The Indigenous community of Ambenu people in Timor Leste has kinship ties with the Amfoang people in West Timor, Indonesia, and they have started their own dialogues to solve problems arising from the border disputes.
Two land borders separate Indonesia and Timor Leste. In the east, a 150km stretch divides the island of Timor in two. In the west, inside Indonesia’s Nusa Tenggara Timor province, a 120km curve creates an East Timorese enclave, Oecusse, within Indonesia’s territory. While the eastern part of the border has successfully been negotiated, the border surrounding Oecusse remains disputed.
The prolonged dispute has stalled development of the area. Worse, it has caused tension among the people occupying the border area. Conflict and violence emerged as a result of this uncertain situation.
Indonesia and Timor Leste began negotiating their borders in 2000 following the latter’s vote for independence from Indonesia in 1999. While the eastern border was quickly settled, the border surrounding Oecusse remains unresolved.
Negotiations of the unsettled borders until today have made little progress. The latest meeting of the countries’ foreign ministers in January 2018 did not come up with any tangible solutions.
The two countries based their border negotiations on a 1904 Treaty between the Portuguese and the Dutch, as well as a 1914 Permanent Court of Arbitration decision. But they differ in their interpretations of the 1904 Treaty.
Indonesian negotiators insist the border lies in the Noelbesi River, which would shrink Timor Leste’s territory. Timor Leste negotiators say the border lies in the smaller Nonotuinan River.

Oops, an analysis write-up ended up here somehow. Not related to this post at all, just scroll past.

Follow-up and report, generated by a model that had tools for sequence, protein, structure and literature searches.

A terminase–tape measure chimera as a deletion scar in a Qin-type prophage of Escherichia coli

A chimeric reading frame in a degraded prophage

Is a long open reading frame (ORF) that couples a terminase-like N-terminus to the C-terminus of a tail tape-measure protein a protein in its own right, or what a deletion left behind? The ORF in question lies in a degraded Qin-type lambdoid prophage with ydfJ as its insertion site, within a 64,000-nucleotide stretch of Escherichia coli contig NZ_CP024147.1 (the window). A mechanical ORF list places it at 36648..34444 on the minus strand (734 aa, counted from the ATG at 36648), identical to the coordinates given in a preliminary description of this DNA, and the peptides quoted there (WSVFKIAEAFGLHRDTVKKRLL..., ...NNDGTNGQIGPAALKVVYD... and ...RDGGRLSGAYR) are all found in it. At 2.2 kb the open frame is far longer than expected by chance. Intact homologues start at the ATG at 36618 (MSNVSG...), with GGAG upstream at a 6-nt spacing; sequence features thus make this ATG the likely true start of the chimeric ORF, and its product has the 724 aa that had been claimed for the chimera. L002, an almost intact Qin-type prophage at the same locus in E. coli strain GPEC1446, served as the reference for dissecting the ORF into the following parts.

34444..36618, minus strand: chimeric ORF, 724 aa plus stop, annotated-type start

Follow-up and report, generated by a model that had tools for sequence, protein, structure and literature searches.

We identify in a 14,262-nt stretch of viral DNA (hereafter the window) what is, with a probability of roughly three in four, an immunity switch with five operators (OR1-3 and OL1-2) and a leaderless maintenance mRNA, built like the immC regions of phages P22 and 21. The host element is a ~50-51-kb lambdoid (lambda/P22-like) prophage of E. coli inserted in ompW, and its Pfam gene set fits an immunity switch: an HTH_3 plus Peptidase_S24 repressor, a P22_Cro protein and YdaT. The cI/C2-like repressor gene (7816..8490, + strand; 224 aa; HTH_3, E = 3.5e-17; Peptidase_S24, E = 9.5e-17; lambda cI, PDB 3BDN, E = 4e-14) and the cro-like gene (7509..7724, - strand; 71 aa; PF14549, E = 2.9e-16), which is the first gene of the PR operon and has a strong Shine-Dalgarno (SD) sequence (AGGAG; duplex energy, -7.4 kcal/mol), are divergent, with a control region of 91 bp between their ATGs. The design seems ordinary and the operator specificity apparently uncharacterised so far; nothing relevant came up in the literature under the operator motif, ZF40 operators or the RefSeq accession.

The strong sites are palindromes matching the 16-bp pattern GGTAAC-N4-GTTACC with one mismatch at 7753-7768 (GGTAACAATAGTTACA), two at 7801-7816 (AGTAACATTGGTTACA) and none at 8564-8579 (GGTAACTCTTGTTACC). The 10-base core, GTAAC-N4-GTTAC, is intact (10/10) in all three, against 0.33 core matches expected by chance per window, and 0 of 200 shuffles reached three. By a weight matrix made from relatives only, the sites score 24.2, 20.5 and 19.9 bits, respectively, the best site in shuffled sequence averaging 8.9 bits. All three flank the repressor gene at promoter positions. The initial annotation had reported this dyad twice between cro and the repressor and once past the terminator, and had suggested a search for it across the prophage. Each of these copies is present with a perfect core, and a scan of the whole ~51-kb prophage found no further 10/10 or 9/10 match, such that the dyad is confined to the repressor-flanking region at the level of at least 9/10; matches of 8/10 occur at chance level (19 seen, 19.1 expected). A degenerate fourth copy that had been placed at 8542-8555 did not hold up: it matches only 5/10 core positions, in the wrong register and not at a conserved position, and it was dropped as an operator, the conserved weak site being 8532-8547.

Indonesian negotiators argued that the basis for setting the border was unreliable. In addition to those unresolved segments, some areas in the sub-district of Bikomi Nilulat in Timor Tengah Utara Regency remain unsurveyed.
A cultural approach
Amid the slow negotiations between the two governments, masyarakat adat (Indigenous communities) in both countries have promoted a cultural approach to settle the dispute.
Three masyarakat adat meetings between Amfoang people from Indonesia and Ambenu people from Timor Leste have taken place in Oecusse (Timor Leste) in 2012, Kefamenanu, Timor (Indonesia), in 2012 and Oepoli in Amfoan Timor, Kupang (Indonesia), in 2017.
The last meeting in Oepoli on November 14 2017 brought together four major kingdoms of Timor. Three kings – Liurai Wahali, Liurai Sonbai and King Amfoang – from Indonesia met with King Ambenu from Timor Leste. They were united by the spirit of Nekaf mese ansaof mesa Atoni Pah Meto (One Heart One Soul as Dawan People).
The meeting was set in accordance with the tradition of Timor, signified by ceremonies and rituals.
The kings focused on reviving kinship ties and peace among people with the same ancestry. They agreed to solve all problems based on the principles of peace and kinship. They signed an agreement pledging to see the border between Indonesia and Timor Leste as an administrative border that should not limit and separate their kin relations.
The meeting in Oepoli constitutes a unique case in which international relations, a modern social relations, meets tradition. The meeting was not about settling the interstate border dispute. However, its implications for settling the dispute between Indonesia and Timor Leste cannot simply be neglected.
In Indonesia, the inclusion of masyarakat adat in resolving the border dispute has been started by the active support of the local military command. It facilitated a focused group discussion in May between the government of Indonesia and academics. The discussion found that before Portuguese rule in East Timor border agreements existed between Timorese kingdoms, in the form of oaths.
The governments of Indonesia and Timor Leste should begin to involve Indigenous leaders in the border negotiations. They should listen to the aspirations of the Indigenous communities to help create a sustainable settlement that benefits both states and their peoples.
This article was originally published on The Conversation.